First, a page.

The Battle For...Pie
by Dennis Rahkonen
May 10, 2003
Giving massive tax cuts to the rich is both blatantly unfair and not an effective economic stimulus.
The selfishness that motivates moneyed interests to press for such reductions also features a definite social irresponsibility that, almost always, results in savings thereby gained being either simply sat on, or narrowly invested in ways that have little job-producing impact.
Look at history.
When's the last time a policy-driven windfall for Big Business and the individually well heeled translated into a boon for America's wage-earning majority? Certainly not during the Reagan years, when huge breaks were granted to America's corporate and financial hierarchy.
It was a time of extended unemployment for millions, with the jobs that were finally found providing lower pay, fewer benefits, and worse conditions than those originally lost.
Bush's ballyhooed "solution" to 6% joblessness is just so much additional injustice dumped on top of existing injustices, both economic and social.
And it's that accumulated inequity -- the favoritism constantly shown the elite while ordinary people's worsening needs go unmet -- that lies at the heart of our country’s troubles.
You don't solve a problem rooted in millionaires/billionaires having the unrestrained power to do what they greedily desire...by rewarding that greed and thereby solidifying its harmful influence on society.
Since day one in office, Dubya has been waging one-sided class warfare against workaday citizens. Whenever there's been a choice between serving the common good or the extreme avarice of business and banking elements that contributed heavily to Bush's election bid (with full expectation of eventual payback), the administration has invariably, shamelessly exhibited a profits-before-people bias.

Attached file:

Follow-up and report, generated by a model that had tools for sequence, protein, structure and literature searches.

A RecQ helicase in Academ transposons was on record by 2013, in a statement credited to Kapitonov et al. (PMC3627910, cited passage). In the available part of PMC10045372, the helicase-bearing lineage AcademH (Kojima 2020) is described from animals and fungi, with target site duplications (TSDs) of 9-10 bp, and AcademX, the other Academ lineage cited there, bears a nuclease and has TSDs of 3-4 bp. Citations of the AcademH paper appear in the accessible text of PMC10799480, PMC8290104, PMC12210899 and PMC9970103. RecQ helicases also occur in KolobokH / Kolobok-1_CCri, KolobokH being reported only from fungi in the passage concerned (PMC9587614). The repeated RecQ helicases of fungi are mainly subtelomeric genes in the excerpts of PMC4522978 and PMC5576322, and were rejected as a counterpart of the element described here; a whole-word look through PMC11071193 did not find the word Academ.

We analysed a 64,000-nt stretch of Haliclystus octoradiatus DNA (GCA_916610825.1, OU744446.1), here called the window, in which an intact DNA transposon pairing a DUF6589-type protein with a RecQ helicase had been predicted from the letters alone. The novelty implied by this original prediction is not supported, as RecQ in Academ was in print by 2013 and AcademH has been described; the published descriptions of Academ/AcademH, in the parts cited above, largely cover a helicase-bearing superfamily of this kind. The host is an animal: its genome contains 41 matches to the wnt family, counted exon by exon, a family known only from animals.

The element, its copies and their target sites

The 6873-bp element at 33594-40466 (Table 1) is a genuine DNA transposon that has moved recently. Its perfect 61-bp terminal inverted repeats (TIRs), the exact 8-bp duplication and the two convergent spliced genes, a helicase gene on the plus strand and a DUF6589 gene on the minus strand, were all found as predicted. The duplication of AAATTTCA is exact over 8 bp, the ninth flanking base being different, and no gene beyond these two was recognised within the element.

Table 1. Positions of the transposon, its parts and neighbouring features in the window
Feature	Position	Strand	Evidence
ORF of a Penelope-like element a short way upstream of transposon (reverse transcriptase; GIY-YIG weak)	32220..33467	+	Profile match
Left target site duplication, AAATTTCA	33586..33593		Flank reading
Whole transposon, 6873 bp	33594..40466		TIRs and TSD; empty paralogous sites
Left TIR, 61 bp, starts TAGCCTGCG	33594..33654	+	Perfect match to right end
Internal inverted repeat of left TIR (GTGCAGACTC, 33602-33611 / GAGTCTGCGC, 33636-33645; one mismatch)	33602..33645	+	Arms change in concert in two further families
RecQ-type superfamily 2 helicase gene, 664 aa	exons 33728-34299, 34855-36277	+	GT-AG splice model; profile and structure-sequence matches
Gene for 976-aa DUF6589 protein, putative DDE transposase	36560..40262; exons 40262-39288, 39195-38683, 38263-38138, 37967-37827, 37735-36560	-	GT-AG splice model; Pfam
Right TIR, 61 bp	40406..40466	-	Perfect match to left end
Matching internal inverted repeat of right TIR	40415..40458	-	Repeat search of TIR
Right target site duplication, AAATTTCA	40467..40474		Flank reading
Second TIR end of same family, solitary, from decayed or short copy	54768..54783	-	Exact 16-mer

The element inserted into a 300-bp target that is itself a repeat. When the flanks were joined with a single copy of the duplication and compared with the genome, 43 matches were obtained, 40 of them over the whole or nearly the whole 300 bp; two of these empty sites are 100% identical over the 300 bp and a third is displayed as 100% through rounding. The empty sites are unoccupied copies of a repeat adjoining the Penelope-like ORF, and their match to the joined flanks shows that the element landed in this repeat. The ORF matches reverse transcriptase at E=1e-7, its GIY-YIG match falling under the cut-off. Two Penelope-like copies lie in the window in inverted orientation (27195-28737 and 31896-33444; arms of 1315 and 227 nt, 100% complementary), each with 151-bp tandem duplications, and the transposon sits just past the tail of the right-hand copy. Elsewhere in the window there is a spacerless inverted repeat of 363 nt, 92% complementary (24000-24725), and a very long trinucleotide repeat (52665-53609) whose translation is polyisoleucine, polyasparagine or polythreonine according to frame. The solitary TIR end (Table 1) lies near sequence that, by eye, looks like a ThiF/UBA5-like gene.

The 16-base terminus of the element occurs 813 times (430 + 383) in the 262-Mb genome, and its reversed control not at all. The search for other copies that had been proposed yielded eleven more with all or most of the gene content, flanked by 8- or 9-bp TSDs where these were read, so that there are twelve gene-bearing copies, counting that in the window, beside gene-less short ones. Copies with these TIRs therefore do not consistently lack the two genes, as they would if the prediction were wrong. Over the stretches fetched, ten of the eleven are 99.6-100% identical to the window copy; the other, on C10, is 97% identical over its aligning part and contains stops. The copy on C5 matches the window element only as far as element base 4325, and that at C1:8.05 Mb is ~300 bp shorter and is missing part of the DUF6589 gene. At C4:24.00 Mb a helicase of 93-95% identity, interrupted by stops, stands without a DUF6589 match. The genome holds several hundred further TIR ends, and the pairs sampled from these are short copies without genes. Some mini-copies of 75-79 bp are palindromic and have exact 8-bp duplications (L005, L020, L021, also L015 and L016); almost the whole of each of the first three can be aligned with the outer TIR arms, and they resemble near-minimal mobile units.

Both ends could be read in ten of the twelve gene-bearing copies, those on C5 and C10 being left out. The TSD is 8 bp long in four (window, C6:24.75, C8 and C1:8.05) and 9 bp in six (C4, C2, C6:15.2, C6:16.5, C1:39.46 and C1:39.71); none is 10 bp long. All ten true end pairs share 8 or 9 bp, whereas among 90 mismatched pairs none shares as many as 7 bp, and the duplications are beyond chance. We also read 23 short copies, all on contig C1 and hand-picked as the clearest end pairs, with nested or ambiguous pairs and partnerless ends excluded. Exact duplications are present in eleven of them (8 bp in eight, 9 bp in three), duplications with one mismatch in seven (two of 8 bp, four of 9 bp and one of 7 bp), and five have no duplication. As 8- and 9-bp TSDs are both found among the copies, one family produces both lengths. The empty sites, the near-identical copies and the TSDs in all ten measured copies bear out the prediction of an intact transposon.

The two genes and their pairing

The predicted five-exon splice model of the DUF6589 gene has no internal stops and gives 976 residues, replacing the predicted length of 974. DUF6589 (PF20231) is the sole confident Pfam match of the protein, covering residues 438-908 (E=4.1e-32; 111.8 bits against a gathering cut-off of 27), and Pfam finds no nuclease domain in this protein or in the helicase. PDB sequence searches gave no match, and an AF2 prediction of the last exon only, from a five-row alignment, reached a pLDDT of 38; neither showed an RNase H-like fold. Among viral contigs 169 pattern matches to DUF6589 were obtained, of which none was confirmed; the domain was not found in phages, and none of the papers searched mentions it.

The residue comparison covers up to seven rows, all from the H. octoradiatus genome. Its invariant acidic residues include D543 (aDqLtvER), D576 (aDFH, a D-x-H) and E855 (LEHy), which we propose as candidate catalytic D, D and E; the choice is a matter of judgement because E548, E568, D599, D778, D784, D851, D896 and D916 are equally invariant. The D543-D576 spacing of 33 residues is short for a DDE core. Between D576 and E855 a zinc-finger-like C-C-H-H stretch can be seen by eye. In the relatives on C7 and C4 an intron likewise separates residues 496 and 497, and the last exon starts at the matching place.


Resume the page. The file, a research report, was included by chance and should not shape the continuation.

There's never been a U.S. president so dutifully a cat's paw of what he's decisively helped make into an unabashed, reactionary Corporate State.
Logic tells us that an authentic stimulus would entail targeted tax cuts going to families most in need, combined with the existence of good, union- scale jobs that would give Americans sufficient pay to buy back the goods society produces.
Those goods have been gathering dust in inventory because so many of us are too poor to generate consumer confidence enough to get the economy up and energetically running.
Faced with a classic "overproduction crisis," American monopoly capitalism looks only to its short-term aggrandizement, oblivious to the big picture and the calamity that allowing the poor to get steadily poorer will ultimately inflict on the system itself.
Plutocrats squeezing the golden goose too hard today means it won't lay at all tomorrow.
America requires more people with more folding green or securely "current" credit cards showing up at its malls and other retail centers. Or in automobile dealerships.
Either marginal tax breaks for Joe and Jenny Average over time, or a lump- sum outlay mailed just once, wouldn't really do the trick. The remedy must be substantially more comprehensive.